Georgian Government advances prevention efforts on sexual harassment
Date: Thursday, September 26, 2019
In 2019, the Parliament of Georgia adopted landmark legislation that establishes regulations for the response to sexual harassment. In light of the new regulations, UN Women is supporting the Government in strengthening the national response to sexual harassment.
From 24 to 26 September 2019, UN Women and the European Union, in partnership with the Inter-Agency Commission on Gender Equality, Violence against Women and Domestic Violence, conducted a three-day workshop on sexual harassment. The workshop was held in Kakheti and brought together up to 20 communication professionals from government agencies. The initiative had a two-fold objective and aimed at strengthening the capacity of line agencies on the response to sexual harassment, as well as supporting the integration of sexual harassment issues into the Government’s prevention work on ending violence against women. This includes the integration of sexual harassment issues into the National Communication Strategy and the Action Plan on Ending Violence against Women that were adopted in 2018 with UN Women and EU support. The workshop also aimed at supporting the Government in organizing the 16 days of activism against GBV on Sexual Harassment.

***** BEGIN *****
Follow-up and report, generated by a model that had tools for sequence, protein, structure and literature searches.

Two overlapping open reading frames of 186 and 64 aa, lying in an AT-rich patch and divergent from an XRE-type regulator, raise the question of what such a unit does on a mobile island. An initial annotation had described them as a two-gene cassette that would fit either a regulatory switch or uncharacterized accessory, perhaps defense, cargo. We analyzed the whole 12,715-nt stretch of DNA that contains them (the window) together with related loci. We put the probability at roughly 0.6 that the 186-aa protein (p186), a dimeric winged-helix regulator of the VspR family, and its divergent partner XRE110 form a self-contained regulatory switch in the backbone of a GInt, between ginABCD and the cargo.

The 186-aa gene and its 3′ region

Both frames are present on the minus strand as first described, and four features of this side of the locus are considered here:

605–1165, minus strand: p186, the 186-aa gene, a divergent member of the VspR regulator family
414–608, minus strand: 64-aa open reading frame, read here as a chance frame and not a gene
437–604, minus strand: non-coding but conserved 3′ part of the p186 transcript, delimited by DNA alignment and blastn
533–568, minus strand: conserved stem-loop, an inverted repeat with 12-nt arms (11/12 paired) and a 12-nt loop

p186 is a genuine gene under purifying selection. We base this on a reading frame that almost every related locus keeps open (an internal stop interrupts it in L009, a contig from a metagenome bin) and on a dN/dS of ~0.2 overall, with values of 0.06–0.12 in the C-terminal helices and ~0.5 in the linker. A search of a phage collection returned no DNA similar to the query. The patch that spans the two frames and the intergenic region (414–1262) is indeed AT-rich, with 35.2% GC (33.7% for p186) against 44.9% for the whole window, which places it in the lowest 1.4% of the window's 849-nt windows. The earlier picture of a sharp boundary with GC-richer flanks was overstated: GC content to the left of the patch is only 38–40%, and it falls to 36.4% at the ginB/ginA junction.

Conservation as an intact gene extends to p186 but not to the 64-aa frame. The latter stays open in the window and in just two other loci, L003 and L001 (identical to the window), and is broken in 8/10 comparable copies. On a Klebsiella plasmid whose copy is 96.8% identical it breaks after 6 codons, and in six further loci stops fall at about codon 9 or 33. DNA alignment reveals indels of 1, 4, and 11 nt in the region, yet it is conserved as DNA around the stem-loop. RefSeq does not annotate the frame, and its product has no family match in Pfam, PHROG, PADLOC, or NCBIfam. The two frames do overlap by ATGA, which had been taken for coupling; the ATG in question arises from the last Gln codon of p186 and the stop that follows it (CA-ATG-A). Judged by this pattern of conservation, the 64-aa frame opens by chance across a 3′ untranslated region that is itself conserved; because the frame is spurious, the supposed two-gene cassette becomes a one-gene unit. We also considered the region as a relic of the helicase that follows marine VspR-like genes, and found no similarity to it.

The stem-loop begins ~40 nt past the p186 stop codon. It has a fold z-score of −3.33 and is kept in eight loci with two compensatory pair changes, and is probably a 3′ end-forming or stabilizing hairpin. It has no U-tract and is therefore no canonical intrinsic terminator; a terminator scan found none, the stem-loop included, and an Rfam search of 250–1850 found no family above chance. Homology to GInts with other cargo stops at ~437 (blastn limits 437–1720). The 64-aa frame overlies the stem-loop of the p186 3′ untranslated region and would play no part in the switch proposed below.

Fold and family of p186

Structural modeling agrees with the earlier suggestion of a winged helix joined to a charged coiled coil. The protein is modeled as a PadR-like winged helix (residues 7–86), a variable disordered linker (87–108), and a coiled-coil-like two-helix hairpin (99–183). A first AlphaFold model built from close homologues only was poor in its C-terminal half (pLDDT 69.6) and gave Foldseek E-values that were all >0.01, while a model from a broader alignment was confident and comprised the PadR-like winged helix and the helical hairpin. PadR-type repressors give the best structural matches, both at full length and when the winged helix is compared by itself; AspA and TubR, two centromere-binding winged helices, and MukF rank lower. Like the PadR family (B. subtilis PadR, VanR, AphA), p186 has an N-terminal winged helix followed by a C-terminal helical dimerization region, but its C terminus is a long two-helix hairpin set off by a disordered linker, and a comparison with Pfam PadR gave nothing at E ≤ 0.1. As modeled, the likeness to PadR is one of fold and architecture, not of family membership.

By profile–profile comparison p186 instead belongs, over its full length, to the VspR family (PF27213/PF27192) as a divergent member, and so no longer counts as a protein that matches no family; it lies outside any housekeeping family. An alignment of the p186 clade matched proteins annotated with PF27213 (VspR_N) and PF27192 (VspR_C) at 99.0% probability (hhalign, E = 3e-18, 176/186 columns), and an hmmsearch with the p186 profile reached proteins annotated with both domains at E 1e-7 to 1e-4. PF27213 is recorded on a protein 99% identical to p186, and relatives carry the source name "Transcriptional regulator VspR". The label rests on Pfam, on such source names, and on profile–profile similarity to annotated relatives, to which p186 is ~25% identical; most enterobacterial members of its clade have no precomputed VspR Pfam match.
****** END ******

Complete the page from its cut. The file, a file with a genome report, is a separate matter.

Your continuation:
“Establishing a legal framework for combating sexual harassment is a major step forward,” noted Marietta Akhvlediani, representative of the Public Defender’s Office of Georgia. “Consistent communication, in the form of social campaigns, training or awareness-raising activities, has a unique role to play in preventing sexual harassment.”
In 2017, UN Women, in partnership with GEOSTAT and with financial support from the EU, conducted the National Study on Violence against Women in Georgia, which found that 20 per cent of women have experienced sexual harassment in Georgia, of whom 10 per cent of women have reported experiencing it in the workplace. Such measures have further increased the public’s awareness to sexual harassment, prompting the Parliament of Georgia to come forward with an initiative to regulate sexual harassment in the Georgian legislation.
Implementing preventive measures on sexual harassment responds directly to the commitments undertaken by the Government of Georgia under the Istanbul Convention, which, among other obligations, places the responsibility on the Government to regularly conduct awareness-raising campaigns to increase awareness and understanding among the general public on all forms of violence against women and girls, including sexual harassment.
The workshop was conducted within the UN Women/EU joint project “Unite to Fight Violence against Women in Georgia”.